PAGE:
Rebecca Nava

Rebecca Nava

Content Creator

Weekly Roll-Up: Week of Aug 6 – 12

Good day readers,

Here are three heavy hitters from the digital realm this week:

1. Pinterest Introduces Cost-Per-Impression Bidding

This week, Pinterest began inviting advertisers to bid, auction-style, as a means of establishing prices. Adweek has the full story:

“Pinterest  is out to prove that it’s a performance-driven advertising platform that can compete head-to-head with Google.

Starting today, advertisers will be able to bid on cost-per-impression through an auction—much like Google’s Display Network—to set prices. Brands can already buy ads based on cost-per-click and cost-per-engagement through the auction, but up until now, brands have had to buy CPM-based ads at a fixed price. In theory, brands will be able to optimize their media spend better to achieve either more impressions or cheaper ad prices with the new tool.

Pinterest has also added frequency capping to limit the number of ads that consumers see at once. Advertisers are able to control their own frequency cap.”

2. Paid, Organic, Who Can Tell the Difference?

A UK study of 1,010 people concluded 55% could not decipher the difference between ads and organic listings on the SERP. Search Engine Watch explains further:

“55% of searchers don’t know which links in the SERPs are PPC ads, according to a new survey. 

I covered this topic back in April, using data from an Ofcom report which found that up to 50% of users shown a SERP screenshot could not identify paid ads.

The article also mentioned data from Varn, which found that, of the 1,010 UK internet users who were asked the question below, 50.6% couldn’t identify which links were ads:


The survey above is from February this year, but there have been a few changes to the SERPs since then, so Varn repeated the survey…

The new one found that almost 55% now don’t know which links are paid ads and which are organic.


The results are also split by age, with the general trend being that the younger you are, the more likely it is that you’ll spot the ads. Though almost 50% of 25 to 34s still aren’t seeing ads.

Ages (1)

As before, the results can seem surprising when you look at a typical search results page, and the results labelled as ads.”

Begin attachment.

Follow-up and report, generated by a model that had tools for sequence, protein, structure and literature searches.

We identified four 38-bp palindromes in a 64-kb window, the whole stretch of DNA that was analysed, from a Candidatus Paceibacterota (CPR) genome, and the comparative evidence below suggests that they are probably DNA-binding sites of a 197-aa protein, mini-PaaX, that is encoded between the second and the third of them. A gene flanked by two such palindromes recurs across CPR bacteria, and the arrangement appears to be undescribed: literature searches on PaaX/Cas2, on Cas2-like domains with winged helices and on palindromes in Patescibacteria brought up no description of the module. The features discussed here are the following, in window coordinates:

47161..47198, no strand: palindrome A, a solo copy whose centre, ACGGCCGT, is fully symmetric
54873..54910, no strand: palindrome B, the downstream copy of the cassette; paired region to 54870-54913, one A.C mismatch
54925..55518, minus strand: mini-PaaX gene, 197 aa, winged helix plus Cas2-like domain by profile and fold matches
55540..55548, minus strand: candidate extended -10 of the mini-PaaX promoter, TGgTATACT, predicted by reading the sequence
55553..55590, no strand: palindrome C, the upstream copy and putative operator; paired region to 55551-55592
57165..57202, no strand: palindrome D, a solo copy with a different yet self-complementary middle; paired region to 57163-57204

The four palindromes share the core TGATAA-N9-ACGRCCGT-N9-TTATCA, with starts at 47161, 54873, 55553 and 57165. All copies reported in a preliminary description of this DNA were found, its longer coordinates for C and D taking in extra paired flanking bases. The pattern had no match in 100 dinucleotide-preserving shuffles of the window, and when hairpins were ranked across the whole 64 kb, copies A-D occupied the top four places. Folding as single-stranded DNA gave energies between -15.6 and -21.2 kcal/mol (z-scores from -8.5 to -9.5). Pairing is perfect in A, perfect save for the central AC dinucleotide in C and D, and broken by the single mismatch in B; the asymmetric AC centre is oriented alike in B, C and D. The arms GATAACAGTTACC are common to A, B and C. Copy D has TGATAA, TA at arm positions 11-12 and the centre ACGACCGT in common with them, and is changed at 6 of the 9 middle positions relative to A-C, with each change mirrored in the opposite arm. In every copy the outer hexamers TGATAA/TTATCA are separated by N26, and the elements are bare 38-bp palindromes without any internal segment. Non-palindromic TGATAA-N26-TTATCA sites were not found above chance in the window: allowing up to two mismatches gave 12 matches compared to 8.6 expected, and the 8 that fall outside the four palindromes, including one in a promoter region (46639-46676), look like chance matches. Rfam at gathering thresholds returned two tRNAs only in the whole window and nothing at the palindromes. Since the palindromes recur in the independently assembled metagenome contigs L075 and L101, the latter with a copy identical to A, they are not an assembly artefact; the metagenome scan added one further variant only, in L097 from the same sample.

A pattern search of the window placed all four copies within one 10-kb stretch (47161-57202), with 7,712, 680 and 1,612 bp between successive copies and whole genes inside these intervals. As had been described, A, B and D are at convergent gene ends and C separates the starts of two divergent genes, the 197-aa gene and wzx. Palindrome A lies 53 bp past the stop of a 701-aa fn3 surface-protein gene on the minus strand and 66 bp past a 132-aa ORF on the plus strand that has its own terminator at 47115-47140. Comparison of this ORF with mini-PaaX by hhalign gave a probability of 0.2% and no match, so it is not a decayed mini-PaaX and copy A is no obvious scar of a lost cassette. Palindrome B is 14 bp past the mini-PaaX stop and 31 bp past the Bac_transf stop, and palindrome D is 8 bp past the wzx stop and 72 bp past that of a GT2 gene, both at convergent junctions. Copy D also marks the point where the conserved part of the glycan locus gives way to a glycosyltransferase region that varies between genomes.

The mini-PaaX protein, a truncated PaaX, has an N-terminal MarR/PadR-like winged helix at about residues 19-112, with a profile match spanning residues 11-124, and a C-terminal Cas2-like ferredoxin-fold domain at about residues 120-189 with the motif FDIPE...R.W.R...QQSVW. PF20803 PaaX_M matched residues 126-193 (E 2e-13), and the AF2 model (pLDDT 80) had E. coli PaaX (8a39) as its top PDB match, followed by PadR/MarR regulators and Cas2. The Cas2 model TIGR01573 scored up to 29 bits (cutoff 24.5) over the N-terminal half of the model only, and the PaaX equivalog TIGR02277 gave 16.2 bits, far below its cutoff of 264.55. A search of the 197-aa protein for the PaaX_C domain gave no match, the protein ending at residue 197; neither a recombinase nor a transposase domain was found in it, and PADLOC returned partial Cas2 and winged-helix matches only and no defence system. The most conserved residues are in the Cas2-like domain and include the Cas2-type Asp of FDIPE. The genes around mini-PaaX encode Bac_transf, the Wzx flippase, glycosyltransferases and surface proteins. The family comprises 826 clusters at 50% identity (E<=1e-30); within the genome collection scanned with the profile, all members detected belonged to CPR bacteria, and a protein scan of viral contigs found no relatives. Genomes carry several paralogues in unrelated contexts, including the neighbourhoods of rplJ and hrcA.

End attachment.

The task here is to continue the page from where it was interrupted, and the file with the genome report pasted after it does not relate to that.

3. Accelerated Mobile Pages 101

Noticing a new lightning bolt on the SERP? That’s Google showcasing AMPs (Accelerated Mobile Pages).

What are the implications of AMPs and is there anything you need to do? Moz has answers to some commonly asked questions:

“AMP has had a fairly positive reception both from site owners and from users. It’s much faster and more streamlined for searchers, especially on mobile devices that tend to be a little bit slower connection-wise.

Not a ranking boost

It’s important to note that AMP pages in the mobile search results do not receive an additional ranking boost. Google currently has the mobile-friendly ranking boost, and because AMP pages are mobile-friendly, they receive the same ranking boost.

There isn’t an additional incentivized reason to use AMP strictly for ranking purposes. Don’t switch everything to AMP simply because you think you’ll get an additional ranking boost to help you beat out competitors.

There are indirect ranking benefits, though. For example, if searchers seek out AMP results, some sites could see higher clickthrough rates on their AMP pages. And as consumer awareness grows about AMP, that will likely rise.

Will you be penalized for not displaying AMP?

No, Google is not planning to penalize a site simply because it isn’t AMP. Your site will still have the same positioning in mobile search results as the mobile version of the page.

Google will simply replace the mobile-friendly page — or the desktop page, if a mobile-specific page isn’t available — and show the AMP version of the page.

For sites that don’t have an AMP version of their page in the SERPs, Google will opt to show the mobile-friendly page first, or the desktop page if there’s no mobile-friendly version. But sites that are AMP-less will not be demoted in any way.

Should sites ditch their mobile version for AMP?

This question is going to become a bit more interesting as this rolls out to the 10 blue links. There are sites that are currently only available in AMP, such as the AMP Project website itself. But with Google now showing the AMP version in place of the mobile version, should site owners be concerned about having a mobile site?

Well, as of now, this is a Google AMP initiative. Other search engines haven’t announced the use of AMP in their own search results. First you’ll need to consider whether other search engines have issues with sites that are AMP-only — for reference, Bing has no problems indexing AMP-only sites.

Another consideration is that AMP pages are definitely more bare-bones than your typical mobile page. You need to look at it from a user-experience point of view. Are there elements on a page that will negatively impact your customer’s experience if they’re not displayed on AMP?

Also, look at it from a resource perspective. For sites that maintain a separate already, maintaining three versions of the page could be impactful from a resource and work hours perspective. This won’t be as much of a concern for those using responsive design, since changes made to desktop automatically get rolled out to the mobile version.

Will users gravitate to AMP results?

Just as many searchers gravitate towards search results that are tagged “mobile-friendly,” it’s very likely that some searchers, especially those on slower connections or those concerned about their data usage, will gravitate to those results that are in AMP format.

Also, because AMP pages tend to be less ad-heavy when compared to their mobile counterparts, some prefer AMP for this reason alone.”

Have a great weekend all,



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